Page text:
Gov. Chris Christie’s approval ratings have dropped to their lowest level yet, according to the latest Rutgers-Eagleton Poll.
About 26 percent of New Jersey registered voters have a favorable opinion of Christie – down three points since February. An estimated sixty-four percent of voters are unfavorable toward the governor, up five points since February and now the highest percentage since Christie first took office.
Christie’s support continues to drop among his own party base: 56 percent of Republicans feel favorable toward the governor, a seven-point decline since the last poll two months ago. Thirty-four percent say they are unfavorable. Independents and Democrats continue to be mostly unfavorable at 63 percent and 87 percent, respectively.
Voters are kinder in their ratings for U.S. Sen. Robert Menendez than they are to Christie, even in the face of Menendez’s ongoing federal indictment. While only 29 percent are favorable toward the senior senator, just 32 percent are outright unfavorable, and 39 percent have no opinion. Not even Republicans reach a majority in their opposition to Menendez, a stark constraint to the nine in 10 Democrats who feel the same about Christie.
Voters are most positive toward U.S. Sen. Cory Booker: 48 percent are favorable, 23 percent are unfavorable, and another 30 percent have no opinion. Sixty-four percent of Democrats, 47 percent of independents, and 26 percent of Republicans like Booker.
“Among the New Jersey politicians we poll, Governor Christie continues to generate the most negativity among voters, even more so than the state’s currently indicted senator,” said Ashley Koning, assistant director of the Eagleton Center for Public Interest Polling at Rutgers University. “Not even Christie’s backing of Donald Trump has helped him with New Jersey Republicans, who give Trump higher ratings than Christie and are now more likely than ever to vote for Trump come June.”
When voters are asked to justify their ratings, favorable and unfavorable voters alike point to Christie’s character, his overall job as governor, and his honesty. Among those who are favorable, 35 percent like Christie because of the overall job he is doing, 16 percent mention something about him being honest and trustworthy, 13 percent point to his character and attitude, and 11 percent reference his policy decisions.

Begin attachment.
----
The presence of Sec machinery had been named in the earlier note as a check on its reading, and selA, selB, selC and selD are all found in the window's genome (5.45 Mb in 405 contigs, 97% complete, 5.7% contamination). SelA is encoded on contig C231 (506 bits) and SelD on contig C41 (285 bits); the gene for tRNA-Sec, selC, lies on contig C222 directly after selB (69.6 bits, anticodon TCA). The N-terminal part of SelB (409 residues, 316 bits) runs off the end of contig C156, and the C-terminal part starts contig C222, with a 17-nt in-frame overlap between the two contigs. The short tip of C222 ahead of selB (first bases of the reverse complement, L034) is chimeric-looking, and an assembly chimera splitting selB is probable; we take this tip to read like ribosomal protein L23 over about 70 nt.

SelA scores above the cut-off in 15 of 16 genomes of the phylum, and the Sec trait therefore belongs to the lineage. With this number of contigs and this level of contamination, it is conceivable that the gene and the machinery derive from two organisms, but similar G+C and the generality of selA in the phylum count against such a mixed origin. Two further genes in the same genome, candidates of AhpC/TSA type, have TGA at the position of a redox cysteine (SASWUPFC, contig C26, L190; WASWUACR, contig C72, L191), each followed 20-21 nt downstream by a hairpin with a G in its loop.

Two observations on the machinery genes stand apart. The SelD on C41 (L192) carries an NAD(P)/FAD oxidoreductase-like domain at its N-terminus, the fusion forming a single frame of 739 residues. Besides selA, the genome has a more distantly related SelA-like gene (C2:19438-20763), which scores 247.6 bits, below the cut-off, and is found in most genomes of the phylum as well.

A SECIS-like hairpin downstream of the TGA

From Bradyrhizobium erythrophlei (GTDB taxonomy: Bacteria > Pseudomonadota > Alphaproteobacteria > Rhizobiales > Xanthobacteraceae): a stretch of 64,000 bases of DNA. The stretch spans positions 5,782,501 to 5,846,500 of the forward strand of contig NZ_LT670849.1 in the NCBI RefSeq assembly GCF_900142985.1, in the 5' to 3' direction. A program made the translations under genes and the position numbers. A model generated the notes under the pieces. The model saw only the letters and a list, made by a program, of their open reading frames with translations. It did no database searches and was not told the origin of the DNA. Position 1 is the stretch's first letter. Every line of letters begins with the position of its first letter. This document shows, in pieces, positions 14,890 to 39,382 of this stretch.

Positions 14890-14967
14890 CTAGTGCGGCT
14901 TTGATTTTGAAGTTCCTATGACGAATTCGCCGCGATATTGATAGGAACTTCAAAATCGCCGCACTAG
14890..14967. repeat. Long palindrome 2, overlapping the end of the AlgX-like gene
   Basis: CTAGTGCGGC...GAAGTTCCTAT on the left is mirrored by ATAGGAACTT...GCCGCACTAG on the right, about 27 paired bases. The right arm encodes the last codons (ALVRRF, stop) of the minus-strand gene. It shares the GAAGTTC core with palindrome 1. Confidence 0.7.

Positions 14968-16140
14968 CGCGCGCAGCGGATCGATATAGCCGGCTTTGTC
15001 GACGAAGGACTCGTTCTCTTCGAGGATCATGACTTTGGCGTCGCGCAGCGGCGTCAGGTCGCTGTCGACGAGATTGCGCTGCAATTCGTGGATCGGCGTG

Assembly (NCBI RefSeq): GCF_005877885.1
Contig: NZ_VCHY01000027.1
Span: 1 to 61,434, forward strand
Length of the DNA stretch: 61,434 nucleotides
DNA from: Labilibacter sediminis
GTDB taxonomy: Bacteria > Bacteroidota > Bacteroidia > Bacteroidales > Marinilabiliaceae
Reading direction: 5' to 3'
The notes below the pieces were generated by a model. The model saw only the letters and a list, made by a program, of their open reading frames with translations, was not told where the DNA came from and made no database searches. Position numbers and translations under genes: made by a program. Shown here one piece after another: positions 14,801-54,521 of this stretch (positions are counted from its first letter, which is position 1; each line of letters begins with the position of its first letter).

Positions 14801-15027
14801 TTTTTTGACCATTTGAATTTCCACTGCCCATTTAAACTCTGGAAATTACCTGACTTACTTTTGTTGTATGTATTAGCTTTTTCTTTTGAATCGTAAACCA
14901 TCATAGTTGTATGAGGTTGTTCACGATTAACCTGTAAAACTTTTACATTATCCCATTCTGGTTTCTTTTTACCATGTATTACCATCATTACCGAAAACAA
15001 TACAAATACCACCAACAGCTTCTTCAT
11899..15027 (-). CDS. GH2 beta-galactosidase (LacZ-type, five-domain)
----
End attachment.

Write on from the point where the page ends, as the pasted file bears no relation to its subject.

Among those who are unfavorable, 15 percent point to his character, personality, or attitude as the main reason behind their negative rating, and another seven percent say something about his confrontational, bully-like persona. An additional 15 percent cite Christie’s overall job as governor and his governing style. Fourteen percent say he is dishonest and untrustworthy. Other negative reasons include his lack of care for New Jersey (nine percent), his handling of education and teachers (eight percent), his policy decisions and actions (seven percent), his ineffectiveness (six percent), and his handling of unions and state workers (four percent). Just three percent mention something about his support for Donald Trump as a reason for their unfavorable rating, and another three percent mention Christie’s role in the 2016 presidential election.
“Negativity toward Christie continues to grow, but not entirely because of his support for GOP frontrunner Donald Trump or his own involvement with the 2016 election cycle,” said Koning. “Instead, Christie’s unpopularity stems from the same longstanding reasons that voters have cited in both their praise and condemnation of him throughout his tenure – reasons that disenchanted voters emphasize now more than ever two months after Christie’s return to governing full time.”
Voters remain mostly negative about the state’s overall direction: 31 percent continue to believe New Jersey is headed in the right direction, while 60 percent say the state has gone off on the wrong track. About six in 10 voters have consistently said the state is on the wrong track since April 2015.
Taxes persist as the most important problem in New Jersey, consistently taking the top spot over the economy and jobs since October 2014.
Polling results are from a statewide poll of 886 adults contacted by live callers on both landlines and cell phones from April 1 to 8, 2016.